To hear Amanda McVey tell it, big investors are lined up around the corner chomping at the bit to open their own Upgrade Labs.
Upgrade Labs is one of the few—and McVey would say first—biohacking facilities in the country. Biohacking is usually defined as incrementally revising diet, lifestyle or exercise to improve health, lose weight or improve brain function, according to Healthline.com. (Read more about the three types of biohacking in this Healthline.com article.)
For that reason, Upgrade Labs isn’t a typical gym. Inside its two facilities are a medical component used for blood draws and assessments plus around 15 technologies used to improve physical and mental health as well as recovery with machines such as an oxygen trainer, a cryotherapy chamber, a bone density trainer, a cooling and compression bike, a dry float tank and light therapy.
McVey, vice president of experience and programming at Upgrade Labs, spoke to Club Industry in August. The interview is this month’s Club Industry Podcast, which can be heard by going here. (The podcast is sponsored by TMI Sustainable Aquatics and includes an interview with Tim Petch, co-founder of TMI.) In the podcast, McVey shares the genesis of Upgrade Labs as well as plans for growth and concerns about the validity of biohacking and this technology.
It all started with Dave Asprey, who is today a well-known biohacker with a podcast, a coffee line, coffee shops and an Upgrade Labs Conference as well as the two Upgrade Lab locations. But Asprey began his foray into the biohacking world several years ago when he was a Silicon Valley executive and entrepreneur who found himself in poor health so he searched the world for a way to improve his condition. After drinking yak-butter tea in Tibet, he developed a concoction of coffee, butter and medium chain triglyceride oil that he calls Bulletproof Coffee, claiming the coffee helps people lose weight and improve their mental clarity. (Some people are fans of the coffee, while others are not.) He eventually opened Bulletproof Coffee Shop in Santa Monica, California. It now has three locations.
But Asprey also began buying and using biohacking technology. As other people heard about his efforts, they wanted to try the machines themselves, which led Asprey to open Upgrade Labs in November 2017, next door to his original coffee shop, McVey said. Today, in addition to the original Upgrade Labs, Asprey has a facility in the Beverly Hilton Hotel in Beverly Hills, California.
Memberships to the two facilities run $500 per month with a session with a personal biohacking technician (personal trainer) running about $170 per hour, McVey said. The two facilities have 200 members, but non-members can use the facility for a fee. The facility in the Beverly Hilton often is frequented by hotel guests.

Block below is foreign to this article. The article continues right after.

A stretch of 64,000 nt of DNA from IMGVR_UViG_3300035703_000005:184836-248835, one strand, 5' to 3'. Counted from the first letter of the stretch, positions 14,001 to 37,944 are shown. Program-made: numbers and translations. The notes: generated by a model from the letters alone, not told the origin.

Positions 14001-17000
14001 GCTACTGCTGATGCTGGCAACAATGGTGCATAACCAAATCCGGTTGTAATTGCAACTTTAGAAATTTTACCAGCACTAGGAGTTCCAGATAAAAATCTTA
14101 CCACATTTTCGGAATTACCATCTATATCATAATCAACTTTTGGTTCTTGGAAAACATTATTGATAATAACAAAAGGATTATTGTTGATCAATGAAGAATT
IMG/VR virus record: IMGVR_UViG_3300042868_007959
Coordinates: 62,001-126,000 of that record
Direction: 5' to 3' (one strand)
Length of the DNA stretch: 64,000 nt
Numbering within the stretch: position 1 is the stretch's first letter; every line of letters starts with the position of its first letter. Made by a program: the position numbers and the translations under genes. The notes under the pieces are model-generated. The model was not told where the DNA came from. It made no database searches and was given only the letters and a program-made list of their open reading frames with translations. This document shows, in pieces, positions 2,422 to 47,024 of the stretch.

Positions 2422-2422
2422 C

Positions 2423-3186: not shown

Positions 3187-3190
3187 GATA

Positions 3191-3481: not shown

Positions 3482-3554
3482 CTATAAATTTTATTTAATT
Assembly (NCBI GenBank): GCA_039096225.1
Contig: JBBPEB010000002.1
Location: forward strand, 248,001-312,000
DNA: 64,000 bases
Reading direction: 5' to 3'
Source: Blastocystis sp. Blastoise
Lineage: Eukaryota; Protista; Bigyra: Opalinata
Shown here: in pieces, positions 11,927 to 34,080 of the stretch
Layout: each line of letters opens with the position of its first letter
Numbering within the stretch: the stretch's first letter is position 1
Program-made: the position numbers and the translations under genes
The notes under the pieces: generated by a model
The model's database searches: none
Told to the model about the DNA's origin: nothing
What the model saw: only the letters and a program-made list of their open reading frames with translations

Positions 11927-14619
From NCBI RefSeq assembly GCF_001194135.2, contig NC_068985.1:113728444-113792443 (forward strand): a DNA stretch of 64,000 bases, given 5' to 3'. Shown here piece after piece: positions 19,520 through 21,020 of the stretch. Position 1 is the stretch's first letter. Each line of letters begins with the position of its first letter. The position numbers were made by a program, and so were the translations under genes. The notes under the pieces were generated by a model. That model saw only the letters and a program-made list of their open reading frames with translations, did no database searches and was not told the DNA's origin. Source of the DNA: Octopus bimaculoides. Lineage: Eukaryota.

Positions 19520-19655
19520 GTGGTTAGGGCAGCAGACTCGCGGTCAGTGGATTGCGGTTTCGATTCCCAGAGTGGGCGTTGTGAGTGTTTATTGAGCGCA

Due to the technology included in the facilities (most of the equipment costs $50,000 to $100,000 each), the cost to open a location from ground up runs $1.5 million to $2 million, McVey said. The return on that investment is being validated at its two locations, she said.
But the Upgrade Labs team is aware that in order to expand its brand, the model needs to be made more affordable for potential franchisees, many of which are already lined up to buy into the franchise despite the brand just having two corporate locations open for just under two years, McVey said. To make the expansion more scalable, the planned franchised locations will include only a few pieces of equipment and instead will focus on a group experience, which could cut the start-up cost to $750,000, McVey said.
The likelihood is that the company’s first franchised location will open in 2020. These locations will run about 2,500 square feet and will include a Bulletproof Fuel Bar. The group fitness space will accommodate about 25-35 people in an immersive space and charged by technology that is baked into the floors, walls, lights and sound, she said. The room will pulse light at different frequencies that are imperceptible to the eyes to induce different responses in the system, such as to energize the body or power the body down, depending on the time of day and the response the class is seeking.
“The focus of this model is cellular recovery at a rapid level and then also the brain—strengthening the brain, improving HRV (heart rate variability) and really focused on brain and recovery,” McVey said. “It’s not our goal with this to go after sweat. That is well owned and being done really well. We don’t feel the need to enter the sweat space, but we do plan to enter recovery and brain.”
The franchised locations likely won’t employ a medical professional because of the expense. To allow for collection of the most important biomarkers, however, the team is working with labs to find take-home kits that allow people to prick themselves or send in bodily fluids.
The first franchised locations will be in the Los Angeles area, McVey said, to allow for easier oversight from corporate. Sites will likely be in more residential areas than the two existing locations, making them more indicative of where Upgrade Labs plans to open facilities in other parts of the country in the future.
To find out more about Upgrade Labs and its plans for growth, listen to the podcast with McVey by going here.
For more technology insights, check out the Technology and Trends track at the Club Industry Show Oct. 9-11 at the Hilton Chicago and then register to attend.